It’s important to have every element of the deal very clear from the outset. Typically you rent the vehicle and driver from a local tour operator (occasionally the driver is the vehicle owner) for an agreed route and duration. The driver will look after fuel and will have his own overnight costs and meal allowance included: if you sometimes choose to invite him to your table (as many travellers do) that comes out of your pocket. You should be careful to allow for diversions: a 20km side trip will not be considered part of the deal if you didn’t request it to begin with.
Most driver-and-vehicle deals will include a 4x4 (a quatre-quatre or kat-kat) in good condition. Bear in mind that fuel costs around €1/litre and while you may get 20–30mpg on the highway (9–15 litres/100km), on rough earth or sand roads that may go down to 10mpg or less (28 litres/100km or more). Also remember that while you may only want to drive in one direction, the vehicle is likely to be going back empty. A typical cost for a journey like this on the classic RN7 route from Antananarivo to Tuléar (or the reverse) over five days and four nights, staying on tarmac, would be between €800 and €1000. Of this, the driver himself will see perhaps €100, with another €50 for his per diem, and fuel accounting for around €200 of the roughly 1900km round trip.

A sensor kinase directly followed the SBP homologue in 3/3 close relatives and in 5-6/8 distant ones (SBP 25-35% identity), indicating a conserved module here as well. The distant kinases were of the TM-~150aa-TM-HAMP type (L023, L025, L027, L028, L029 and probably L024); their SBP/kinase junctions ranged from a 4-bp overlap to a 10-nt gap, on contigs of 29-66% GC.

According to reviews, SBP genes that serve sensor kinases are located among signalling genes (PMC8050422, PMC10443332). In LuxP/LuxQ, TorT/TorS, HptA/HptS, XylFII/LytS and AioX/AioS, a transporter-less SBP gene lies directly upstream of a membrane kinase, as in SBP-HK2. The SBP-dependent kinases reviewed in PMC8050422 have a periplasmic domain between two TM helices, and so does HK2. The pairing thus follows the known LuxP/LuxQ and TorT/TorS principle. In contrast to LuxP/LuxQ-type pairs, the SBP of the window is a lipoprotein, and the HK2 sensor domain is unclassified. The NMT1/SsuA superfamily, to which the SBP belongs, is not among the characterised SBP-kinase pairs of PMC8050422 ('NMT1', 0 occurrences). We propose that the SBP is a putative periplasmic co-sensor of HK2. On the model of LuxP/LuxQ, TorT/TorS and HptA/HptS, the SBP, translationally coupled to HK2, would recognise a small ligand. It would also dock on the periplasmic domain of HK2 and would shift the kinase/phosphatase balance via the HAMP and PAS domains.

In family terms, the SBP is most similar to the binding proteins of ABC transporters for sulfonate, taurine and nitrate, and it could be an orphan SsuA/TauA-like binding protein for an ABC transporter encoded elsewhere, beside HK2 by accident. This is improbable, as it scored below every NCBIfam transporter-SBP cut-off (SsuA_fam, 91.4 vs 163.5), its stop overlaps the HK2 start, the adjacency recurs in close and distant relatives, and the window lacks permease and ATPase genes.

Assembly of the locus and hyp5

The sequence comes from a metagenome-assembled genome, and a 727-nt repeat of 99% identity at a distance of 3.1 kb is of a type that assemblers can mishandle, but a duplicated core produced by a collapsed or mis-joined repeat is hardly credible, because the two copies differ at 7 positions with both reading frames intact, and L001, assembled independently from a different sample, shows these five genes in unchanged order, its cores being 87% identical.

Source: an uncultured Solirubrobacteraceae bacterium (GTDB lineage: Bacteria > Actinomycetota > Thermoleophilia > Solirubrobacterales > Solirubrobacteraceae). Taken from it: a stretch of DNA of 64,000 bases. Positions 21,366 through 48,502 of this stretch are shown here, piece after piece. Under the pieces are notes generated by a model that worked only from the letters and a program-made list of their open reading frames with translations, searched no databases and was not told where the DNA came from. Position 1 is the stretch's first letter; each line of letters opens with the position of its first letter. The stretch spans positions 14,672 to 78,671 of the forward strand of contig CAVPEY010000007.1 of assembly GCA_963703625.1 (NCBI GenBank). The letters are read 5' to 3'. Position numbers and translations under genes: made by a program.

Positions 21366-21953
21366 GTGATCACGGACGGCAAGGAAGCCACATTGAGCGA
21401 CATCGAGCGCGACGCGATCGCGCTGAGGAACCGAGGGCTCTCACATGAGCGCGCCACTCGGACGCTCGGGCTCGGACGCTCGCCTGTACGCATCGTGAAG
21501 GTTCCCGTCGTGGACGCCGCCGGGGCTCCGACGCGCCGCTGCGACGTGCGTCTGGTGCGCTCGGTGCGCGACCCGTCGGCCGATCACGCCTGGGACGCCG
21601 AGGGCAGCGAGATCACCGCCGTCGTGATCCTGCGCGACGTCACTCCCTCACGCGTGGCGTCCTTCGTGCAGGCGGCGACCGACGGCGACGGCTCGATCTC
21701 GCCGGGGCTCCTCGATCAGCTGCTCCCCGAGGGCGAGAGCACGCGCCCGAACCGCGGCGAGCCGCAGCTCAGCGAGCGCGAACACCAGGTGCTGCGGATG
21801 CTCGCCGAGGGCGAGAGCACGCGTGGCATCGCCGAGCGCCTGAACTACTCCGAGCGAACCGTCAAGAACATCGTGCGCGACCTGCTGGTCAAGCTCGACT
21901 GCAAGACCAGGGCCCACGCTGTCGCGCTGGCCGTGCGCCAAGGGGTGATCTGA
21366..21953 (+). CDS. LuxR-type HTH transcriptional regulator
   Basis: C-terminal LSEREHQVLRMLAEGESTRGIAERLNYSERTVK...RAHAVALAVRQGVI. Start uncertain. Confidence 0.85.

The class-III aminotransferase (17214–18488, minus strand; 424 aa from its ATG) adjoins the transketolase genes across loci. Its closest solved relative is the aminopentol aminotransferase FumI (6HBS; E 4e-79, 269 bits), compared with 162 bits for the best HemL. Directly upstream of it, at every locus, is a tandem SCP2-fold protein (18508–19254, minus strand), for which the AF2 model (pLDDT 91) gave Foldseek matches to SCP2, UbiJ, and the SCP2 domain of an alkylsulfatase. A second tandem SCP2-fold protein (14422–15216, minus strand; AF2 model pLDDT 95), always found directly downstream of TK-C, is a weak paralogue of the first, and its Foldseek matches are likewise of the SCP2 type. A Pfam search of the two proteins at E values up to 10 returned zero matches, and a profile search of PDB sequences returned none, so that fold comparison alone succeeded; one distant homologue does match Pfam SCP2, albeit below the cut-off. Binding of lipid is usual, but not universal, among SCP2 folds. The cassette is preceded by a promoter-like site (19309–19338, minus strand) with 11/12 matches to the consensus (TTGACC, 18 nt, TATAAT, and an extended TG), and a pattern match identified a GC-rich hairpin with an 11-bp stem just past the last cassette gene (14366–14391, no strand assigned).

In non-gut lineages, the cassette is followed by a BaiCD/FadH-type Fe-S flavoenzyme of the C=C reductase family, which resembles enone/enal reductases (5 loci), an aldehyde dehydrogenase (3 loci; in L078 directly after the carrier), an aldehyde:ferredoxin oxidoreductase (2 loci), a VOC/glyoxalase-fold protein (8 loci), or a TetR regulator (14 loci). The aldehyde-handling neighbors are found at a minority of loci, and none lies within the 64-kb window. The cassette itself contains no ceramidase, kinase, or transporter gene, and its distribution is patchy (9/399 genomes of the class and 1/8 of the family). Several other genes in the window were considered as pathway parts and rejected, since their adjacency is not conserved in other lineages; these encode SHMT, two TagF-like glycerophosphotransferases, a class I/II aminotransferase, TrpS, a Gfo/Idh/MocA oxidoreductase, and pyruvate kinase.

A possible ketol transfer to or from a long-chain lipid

If you’re travelling on a low budget, you’ll be using the slow and cheap shared taxis brousse (bush taxis, or taxi-be in Malagasy). These are privately or cooperatively owned minibuses running regular services, to a vaguely adhered-to timetable. The most upscale services run on the main roads with a high volume of traffic, allowing them to leave on time, take regular comfort stops and meal breaks and allocate each passenger a seat, sometimes in a vehicle that is air-conditioned. You can often reserve seats in these navettes (shuttles).